Does BP Also Stand for Board Preoccupied?

June 24, 2010 at 2:47 pm 1 comment

BP’s Deepwater Horizon rig explosion is a disaster. Simply, unequivocally and without a doubt. But it has happened and what we have now is a situation requiring decisiveness and action. Tony Hayward as CEO of BP has been the face of the company and thus viewed as the culprit in this catastrophe. However, he alone cannot be responsible for the decisions and strategic direction of this $246 billion behemoth.
BP has a senior leadership team consisting of numerous experienced and presumably qualified individuals. It also has a thirteen person board of directors.  Six of these directors are insiders and thereby hopefully fully engaged in the running of their businesses and the response to the tragedy. However there are seven other directors that we have not heard much about. Where has this Board of Directors been in all that is currently going on? Where were they when BP continued drilling in spite of the Deepwater Horizon rig missing 16 inspections in the years leading up to the April explosion? Or when the company made decisions to operate unsafely and failed to react to early warning signs of the rig problem?
Finally on Friday someone aside from Hayward came forward with a statement. Board chairman Carl-Henric Svanberg stated that Hayward would no longer be responsible for the Gulf response. This action, while applauded by many is but a small effort to guide a company going through catastrophe.

Given the industry and the recent near obsession with risk and risk management at the board level, the board of BP should have been consistently assessing and focused on its business risk. In fact the board does have a Safety, Ethics and Environment Assurance Committee (SEEAC). One of the main tasks of this committee is:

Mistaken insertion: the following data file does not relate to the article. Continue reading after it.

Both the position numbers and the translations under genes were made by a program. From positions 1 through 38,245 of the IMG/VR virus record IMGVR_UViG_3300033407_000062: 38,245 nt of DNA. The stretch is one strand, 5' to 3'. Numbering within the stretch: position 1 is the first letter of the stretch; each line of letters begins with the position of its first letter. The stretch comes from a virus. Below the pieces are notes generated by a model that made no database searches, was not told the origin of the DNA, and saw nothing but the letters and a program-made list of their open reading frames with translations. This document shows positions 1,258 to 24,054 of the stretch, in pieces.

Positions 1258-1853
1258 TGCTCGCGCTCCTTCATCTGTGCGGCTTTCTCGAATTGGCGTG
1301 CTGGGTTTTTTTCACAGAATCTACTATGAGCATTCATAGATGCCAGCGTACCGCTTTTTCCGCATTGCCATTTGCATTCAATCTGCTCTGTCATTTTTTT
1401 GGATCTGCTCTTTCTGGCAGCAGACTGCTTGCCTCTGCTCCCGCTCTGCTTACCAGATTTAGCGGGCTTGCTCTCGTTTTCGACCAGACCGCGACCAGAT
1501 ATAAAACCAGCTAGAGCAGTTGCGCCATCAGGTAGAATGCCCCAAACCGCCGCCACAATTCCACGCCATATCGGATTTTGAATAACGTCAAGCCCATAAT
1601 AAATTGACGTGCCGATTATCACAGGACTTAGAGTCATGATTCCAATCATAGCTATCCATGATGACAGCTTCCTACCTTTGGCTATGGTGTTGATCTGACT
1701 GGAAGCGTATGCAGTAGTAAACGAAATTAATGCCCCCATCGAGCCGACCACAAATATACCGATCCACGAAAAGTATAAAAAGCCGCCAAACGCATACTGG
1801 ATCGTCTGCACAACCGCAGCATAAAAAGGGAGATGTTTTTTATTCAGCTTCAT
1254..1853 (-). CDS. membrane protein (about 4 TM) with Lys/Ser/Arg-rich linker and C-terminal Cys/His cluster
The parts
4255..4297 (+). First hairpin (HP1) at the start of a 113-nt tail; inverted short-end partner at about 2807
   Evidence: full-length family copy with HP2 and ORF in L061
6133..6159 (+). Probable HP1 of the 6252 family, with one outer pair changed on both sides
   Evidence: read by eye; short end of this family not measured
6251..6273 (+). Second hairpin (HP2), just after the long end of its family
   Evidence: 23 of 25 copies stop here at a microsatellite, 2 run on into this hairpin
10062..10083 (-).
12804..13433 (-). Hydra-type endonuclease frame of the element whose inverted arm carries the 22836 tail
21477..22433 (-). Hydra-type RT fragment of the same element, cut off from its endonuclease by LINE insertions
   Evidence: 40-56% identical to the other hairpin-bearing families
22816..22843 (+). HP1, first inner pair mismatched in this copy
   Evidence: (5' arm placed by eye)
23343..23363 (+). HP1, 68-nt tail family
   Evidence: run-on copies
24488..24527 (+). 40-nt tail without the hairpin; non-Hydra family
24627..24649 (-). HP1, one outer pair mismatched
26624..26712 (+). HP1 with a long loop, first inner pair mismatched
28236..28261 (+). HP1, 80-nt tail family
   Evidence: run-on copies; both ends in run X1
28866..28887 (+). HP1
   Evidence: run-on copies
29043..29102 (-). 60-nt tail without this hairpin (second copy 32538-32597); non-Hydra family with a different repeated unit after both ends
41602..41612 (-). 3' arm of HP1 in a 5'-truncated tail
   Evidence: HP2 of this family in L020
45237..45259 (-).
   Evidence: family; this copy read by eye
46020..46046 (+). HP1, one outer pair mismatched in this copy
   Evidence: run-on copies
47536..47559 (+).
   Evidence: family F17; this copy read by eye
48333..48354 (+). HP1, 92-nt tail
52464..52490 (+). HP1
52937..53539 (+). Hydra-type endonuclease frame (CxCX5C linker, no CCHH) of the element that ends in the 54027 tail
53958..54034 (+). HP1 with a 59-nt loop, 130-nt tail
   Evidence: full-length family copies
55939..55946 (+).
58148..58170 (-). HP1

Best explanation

Monitoring and obtaining assurance that the management or mitigation of significant BP risks of a non-financial nature is appropriately addressed.

This committee consists of five outside directors that held a total of seven meetings over the course of the year. Incidentally only two of these five individuals attended all of these meetings. The others missed either one or two. The members of the SEEAC are all very accomplished CEOs with experience in large multi-nationals with complex businesses. However none of these individuals has the true environmental, sustainability, and/or geological experience one would hope to see in such an important committee. These individuals are commercially driven business operators successful largely because they have run profitable companies. I think the shareholders of BP and in fact the people of the United States would have been better served by having at least one environmental expert on this committee. If for some reason this was not possible a true expert in risk management would have complemented the thinking of this committee.

Once again, the limitation of a company’s governance goes not to the level and experience of its board of directors but rather to the lack of heterogeneity and diversity. While we hope that this environmental catastrophe will quickly stabilize, in the midst of all the finger-pointing surely one of the lessons that can be learned is that corporate governance is best carried out by experienced but more importantly a variety of experienced individuals who can challenge the status quo and each other. All this in a constructive and productive way so that the very best ideas and thinking can percolate and seep through the organization.

As a final point, unfortunately the current outcry ignores a larger and more serious issue. While the demand for oil remains insatiable, companies such as BP will continue to look for solutions and often make desperate choices.


Entry filed under: Business, Corporate Governance.

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1 Comment

  • 1. Bulpalkaw  |  July 31, 2011 at 8:13 am

    I joined this forum solely to reply to this thread, and I would like to saythanks for posting. It might not make sense to you, but it does to me, and I felt I needed to leave a comment.
    best post you have made


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